There is a story that the Jain saint Bhadrabāhu predicted a famine which would last for twelve years and, as a result of this famine, he led twelve thousand Jains in search of better lands. King Candragupta Maurya is said to have accompanied them and lived for twelve years after the death of the saint in Mysore; then, according to the legend, he starved himself to death. In commenting on this Jain story, Vincent Smith says, “… after much consideration I am disposed to accept the main facts as affirmed by tradition. It being certain that Candragupta was quite young and inexperienced when he ascended the throne in or about 322 B.C., he must have been under fifty when his reign terminated twenty-four years later … the twelve years' famine is not incredible. In short, the Jain tradition holds the field, and no alternative exists.”
This story is repeated with some variations in other sources. Cf. Mbh. (Crit.)
Idem. Pargiter remarks: “The Vasiṣṭha Devarāj or Bhūtakṛt mentioned in those two verses can only be this Vasiṣṭha who governed the kingdom of Ayodhyā in the twelve years' drought during Satyavrata's exile. This identification is corroborated by the remarkably simple and appropriate explanation it offers.”
There appears to be a relationship between the symbolic significance of the number twelve in ancient India and the number forty in Biblical literature. In Genesis VI–VIII, the Lord repents of having created the world because of the wickedness of men. He resolves to destroy all except the family of Noah (who was righteous) and one of both sexes of all living things. (The latter appears to be an afterthought, cf. Gen. VI. 7). The destruction takes the form of a flood which lasts for forty days and nights (Gen. VII. 12). When we consider such events as Israel walking forty years in the wilderness (Josh. V. 5), Moses wandering in the wilderness for forty years (Acts VII. 36), the people bearing their iniquities for forty years (Num. XIV. 34), the wicked shall be beaten with forty stripes (Deut. XXV. 3), and the current season of forty days for Lent (with its scriptural basis in the New Testament), the relationship of the number forty to penance or expiation of guilt is suggested. A present-day English tradition connects rain with forty by suggesting that if it rains on St. Swithin's day, it will rain for forty days thereafter.
It is undoubtedly a mistake in the transliteration which confuses Romapāda and Lomapāda as the name of the king of Aṅga. The reference is clearly to the same person in both cases.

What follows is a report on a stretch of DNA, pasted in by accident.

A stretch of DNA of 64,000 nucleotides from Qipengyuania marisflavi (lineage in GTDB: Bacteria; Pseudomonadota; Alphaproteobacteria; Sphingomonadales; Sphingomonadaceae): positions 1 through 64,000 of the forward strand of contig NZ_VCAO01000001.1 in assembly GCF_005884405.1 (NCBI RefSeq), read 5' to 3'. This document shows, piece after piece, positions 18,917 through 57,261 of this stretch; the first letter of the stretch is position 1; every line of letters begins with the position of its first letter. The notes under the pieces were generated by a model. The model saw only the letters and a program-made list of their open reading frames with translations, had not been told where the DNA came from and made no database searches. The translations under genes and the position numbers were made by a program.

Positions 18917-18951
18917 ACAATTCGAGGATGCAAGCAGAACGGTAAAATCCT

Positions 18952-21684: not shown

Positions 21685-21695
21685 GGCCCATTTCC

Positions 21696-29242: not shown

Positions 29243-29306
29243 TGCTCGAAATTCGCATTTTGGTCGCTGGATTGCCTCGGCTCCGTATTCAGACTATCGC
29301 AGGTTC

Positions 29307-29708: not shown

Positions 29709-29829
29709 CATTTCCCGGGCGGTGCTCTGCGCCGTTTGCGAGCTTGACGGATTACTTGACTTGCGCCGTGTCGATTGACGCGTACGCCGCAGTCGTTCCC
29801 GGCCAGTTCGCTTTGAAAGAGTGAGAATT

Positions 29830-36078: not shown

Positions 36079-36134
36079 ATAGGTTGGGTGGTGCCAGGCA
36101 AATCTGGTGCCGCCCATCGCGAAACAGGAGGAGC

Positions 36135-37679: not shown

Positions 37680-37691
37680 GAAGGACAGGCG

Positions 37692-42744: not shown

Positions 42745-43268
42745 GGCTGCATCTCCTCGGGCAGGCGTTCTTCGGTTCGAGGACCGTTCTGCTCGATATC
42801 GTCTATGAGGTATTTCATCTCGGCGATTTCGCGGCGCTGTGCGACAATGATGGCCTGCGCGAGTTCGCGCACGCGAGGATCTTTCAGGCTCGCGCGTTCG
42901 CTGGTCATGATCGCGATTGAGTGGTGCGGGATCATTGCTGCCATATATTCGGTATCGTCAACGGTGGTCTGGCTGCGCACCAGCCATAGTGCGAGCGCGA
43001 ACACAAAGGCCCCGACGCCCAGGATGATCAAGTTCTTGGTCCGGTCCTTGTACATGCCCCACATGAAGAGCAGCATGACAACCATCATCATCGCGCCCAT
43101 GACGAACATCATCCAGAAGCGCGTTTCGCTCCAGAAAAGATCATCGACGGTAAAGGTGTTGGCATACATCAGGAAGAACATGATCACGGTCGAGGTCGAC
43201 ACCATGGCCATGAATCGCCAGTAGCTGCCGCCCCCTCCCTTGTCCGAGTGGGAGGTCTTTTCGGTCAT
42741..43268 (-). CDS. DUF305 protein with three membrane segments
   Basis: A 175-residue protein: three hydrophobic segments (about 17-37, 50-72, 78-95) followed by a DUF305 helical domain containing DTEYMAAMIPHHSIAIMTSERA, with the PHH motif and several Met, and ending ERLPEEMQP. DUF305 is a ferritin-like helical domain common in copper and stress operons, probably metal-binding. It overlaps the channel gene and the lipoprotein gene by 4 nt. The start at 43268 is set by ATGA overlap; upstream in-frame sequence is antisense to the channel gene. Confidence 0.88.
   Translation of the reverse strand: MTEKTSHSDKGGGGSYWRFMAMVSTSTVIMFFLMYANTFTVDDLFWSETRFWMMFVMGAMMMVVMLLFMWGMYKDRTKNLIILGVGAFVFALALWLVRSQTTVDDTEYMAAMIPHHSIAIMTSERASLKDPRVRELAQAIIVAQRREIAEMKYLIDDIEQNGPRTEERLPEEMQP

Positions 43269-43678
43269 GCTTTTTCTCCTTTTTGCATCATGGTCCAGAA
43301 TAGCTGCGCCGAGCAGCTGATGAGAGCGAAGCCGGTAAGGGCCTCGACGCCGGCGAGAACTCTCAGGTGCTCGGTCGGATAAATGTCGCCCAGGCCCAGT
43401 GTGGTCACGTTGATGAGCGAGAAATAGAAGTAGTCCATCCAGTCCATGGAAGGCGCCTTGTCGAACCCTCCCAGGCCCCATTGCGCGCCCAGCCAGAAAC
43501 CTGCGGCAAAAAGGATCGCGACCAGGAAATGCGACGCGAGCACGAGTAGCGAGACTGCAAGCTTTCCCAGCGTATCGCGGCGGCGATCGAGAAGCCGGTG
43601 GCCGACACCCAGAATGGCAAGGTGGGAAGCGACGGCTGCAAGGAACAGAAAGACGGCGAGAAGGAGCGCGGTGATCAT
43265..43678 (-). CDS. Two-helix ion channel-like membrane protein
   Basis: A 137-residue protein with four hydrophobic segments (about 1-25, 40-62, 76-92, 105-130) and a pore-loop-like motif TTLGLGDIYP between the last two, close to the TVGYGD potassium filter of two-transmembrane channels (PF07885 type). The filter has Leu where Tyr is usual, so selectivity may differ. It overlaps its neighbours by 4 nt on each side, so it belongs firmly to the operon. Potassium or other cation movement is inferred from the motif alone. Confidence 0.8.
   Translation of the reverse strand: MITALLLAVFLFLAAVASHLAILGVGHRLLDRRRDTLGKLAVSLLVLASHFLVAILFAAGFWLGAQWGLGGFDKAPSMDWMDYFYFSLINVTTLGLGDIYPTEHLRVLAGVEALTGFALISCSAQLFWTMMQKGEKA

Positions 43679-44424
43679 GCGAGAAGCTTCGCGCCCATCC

Maṇicora Jātaka, No. 194. 124. Cf. Kurudhamma Jātaka No. 276.
Other Buddhist texts make this same point which we need not labor here. Cf. The
There is a recognition of a relationship between rain and righteousness in the Biblical thought, “the rain falleth upon the just and the unjust alike” (Matt. V. 45) although this would not be acceptable by Indian standards of dharma.
This is the view expressed by several texts,
A king who is not righteous obviously cannot preserve dharma, and some texts suggest that such a king is no king at all and deserves to be slain by his subjects (cf.
Ś. B. IX. 3. 3. 10–11.
Ś. B. V. 3. 4. 5, V. 4. 9, V. 3. 4. 11, V. 3. 4. 14, V. 3. 4. 21.
We should note that the texts do not suggest that the king draws his authority exclusively from water. Different hymns or verses suggest other forces as well.
For further discussions of the attributes of Varuṇa, cf.
Ibid. p. 97. For an indication of the punishing aspect of Varuṇa, cf. A. L. Basham's translation of R. V. VII. 89 in
It is of no consequence that the violation of dharma, in some cases, was originally perpetrated by a subject of the king rather than by the king personally. The theorists would hold that all acts of adharma, committed by no matter whom, were caused by improper rule of the king and that he was therefore personally responsible.
The most detailed study of sin and penance has been done by P. V. Kane in his
Ibid., p. 91.
Agni Purāṇa I. CLVIII.
Ibid. I. CLVI. 13–14.
Ibid. II. CCI. 9–I2.
Viṣṇupurāṇa quoted by
I am indebted to Rhoads Murphey and Carl Allendoerfer of the University of Washington for calling these points to my attention.